$29M Verdict 3D Mapping Brain Damage
When a car struck a 19-year-old pedestrian in a crosswalk, attorneys at The Dominguez Firm needed to show how a traumatic brain injury would impact their client’s cognitive functionality for the rest of his life.
MRI’s, CT Scans, and neuropsychological evaluations clearly showed massive amounts of physical brain damage - but making jurors understand and sympathize with what these damages would actually mean for their client's lifelong functional capabilities would require a 3D Brain Map.
3D Brain Maps are the most effective way to summarize neuropsychological damage. We built a 3D model of the plaintiff's brain, and highlighted damaged areas with demonstrative bruising. We then animated the presentation to focus on the bruised areas, and summarized the specific cognitive defects the victim would endure as a result of each damaged region. Finally, we concluded with Color Diagnostic exhibits that highlight the physical injuries in the plaintiff's MRI's and CT Scans.
The animated exhibit helped jurors understand the magnitude of the plaintiff's physical and cognitive injuries, and The Dominguez Firm secured a record-setting $29M verdict for the young victim who will need medical care and assistance for the rest of his life.
3D Mapping Brain Damage
The High Impact visuals were key in making the MRI report come alive. It was also a seamless way to correlate all of the neurological deficits to specific parts of the brain in a way that the jury could easily understand. We used the full animation during opening, during our main medical witness direct examination, and parts of it in closing. The quality of the work made it impossible to look away.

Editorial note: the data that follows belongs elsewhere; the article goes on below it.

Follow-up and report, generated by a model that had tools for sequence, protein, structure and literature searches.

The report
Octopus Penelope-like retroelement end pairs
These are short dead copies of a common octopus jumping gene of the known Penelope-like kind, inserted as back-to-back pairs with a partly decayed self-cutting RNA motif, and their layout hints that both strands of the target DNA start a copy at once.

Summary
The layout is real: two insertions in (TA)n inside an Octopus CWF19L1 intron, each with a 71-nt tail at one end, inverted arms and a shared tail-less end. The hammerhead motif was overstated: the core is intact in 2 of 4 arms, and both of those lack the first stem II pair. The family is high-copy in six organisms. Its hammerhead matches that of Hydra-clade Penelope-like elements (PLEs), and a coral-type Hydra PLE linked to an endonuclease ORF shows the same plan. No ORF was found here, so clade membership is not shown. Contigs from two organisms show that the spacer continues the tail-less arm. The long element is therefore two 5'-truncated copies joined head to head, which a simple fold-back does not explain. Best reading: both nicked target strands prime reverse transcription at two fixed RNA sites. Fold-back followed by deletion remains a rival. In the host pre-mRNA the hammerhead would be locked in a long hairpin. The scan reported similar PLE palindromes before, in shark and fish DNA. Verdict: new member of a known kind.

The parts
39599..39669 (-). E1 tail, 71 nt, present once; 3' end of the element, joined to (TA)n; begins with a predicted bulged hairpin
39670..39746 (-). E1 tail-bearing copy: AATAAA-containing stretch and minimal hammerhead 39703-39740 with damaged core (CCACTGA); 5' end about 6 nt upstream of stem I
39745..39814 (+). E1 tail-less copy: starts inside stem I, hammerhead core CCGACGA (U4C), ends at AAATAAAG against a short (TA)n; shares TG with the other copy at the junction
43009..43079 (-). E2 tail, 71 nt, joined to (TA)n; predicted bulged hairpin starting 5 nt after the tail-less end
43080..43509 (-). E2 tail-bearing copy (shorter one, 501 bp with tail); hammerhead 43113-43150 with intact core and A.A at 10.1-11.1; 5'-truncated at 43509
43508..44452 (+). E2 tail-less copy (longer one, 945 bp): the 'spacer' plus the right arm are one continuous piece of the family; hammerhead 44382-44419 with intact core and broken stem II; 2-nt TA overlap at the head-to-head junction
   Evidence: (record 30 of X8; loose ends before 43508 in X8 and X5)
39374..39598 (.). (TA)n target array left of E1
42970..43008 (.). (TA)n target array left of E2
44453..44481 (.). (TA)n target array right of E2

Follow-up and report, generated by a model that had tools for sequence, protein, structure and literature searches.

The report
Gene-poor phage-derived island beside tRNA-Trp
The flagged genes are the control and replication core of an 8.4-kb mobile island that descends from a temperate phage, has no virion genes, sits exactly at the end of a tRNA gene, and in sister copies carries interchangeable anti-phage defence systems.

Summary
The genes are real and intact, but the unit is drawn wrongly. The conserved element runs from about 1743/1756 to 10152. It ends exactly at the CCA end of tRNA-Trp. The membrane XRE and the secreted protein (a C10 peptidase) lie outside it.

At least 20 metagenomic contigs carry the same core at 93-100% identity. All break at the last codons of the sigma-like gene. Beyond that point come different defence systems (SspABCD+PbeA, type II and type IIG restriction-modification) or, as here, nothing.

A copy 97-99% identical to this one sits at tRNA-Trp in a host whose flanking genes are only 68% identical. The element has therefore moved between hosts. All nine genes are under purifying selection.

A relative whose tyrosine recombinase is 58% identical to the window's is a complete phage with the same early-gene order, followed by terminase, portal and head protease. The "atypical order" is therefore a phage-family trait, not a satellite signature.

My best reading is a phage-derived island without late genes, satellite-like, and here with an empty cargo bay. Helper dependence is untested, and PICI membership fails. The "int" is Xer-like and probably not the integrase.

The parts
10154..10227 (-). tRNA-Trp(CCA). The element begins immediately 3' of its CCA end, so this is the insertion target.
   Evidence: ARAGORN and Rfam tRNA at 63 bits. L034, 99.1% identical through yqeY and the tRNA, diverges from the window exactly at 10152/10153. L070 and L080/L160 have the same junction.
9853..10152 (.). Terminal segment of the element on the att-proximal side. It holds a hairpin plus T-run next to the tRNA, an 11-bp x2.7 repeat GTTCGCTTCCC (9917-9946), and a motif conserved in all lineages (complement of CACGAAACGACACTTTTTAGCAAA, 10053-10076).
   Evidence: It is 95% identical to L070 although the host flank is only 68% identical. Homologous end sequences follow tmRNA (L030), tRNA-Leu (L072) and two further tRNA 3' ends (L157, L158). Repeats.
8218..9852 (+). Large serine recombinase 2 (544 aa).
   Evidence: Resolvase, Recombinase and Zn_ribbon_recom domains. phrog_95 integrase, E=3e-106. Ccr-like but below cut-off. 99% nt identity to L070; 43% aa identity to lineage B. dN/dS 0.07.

Colorizing Brain Injuries
We concluded the 3D Brain Map exhibit with these Color Diagnostic exhibits that appear at the end of the animation. Black-and-white radiographic films can be difficult to comprehend, but highlighting damages with color familiarizes jurors with the bloody reality of internal brain injuries.
The enhanced MRI slides were key in facilitating our neurologist’s explanation of the injury, and how the injury affected our client’s personality changes and neurocognitive deficits.
The jury reached its $29M verdict after only one day of deliberation, setting a new downtown Los Angeles record for the highest award in a mild neurocognitive disorder case this year.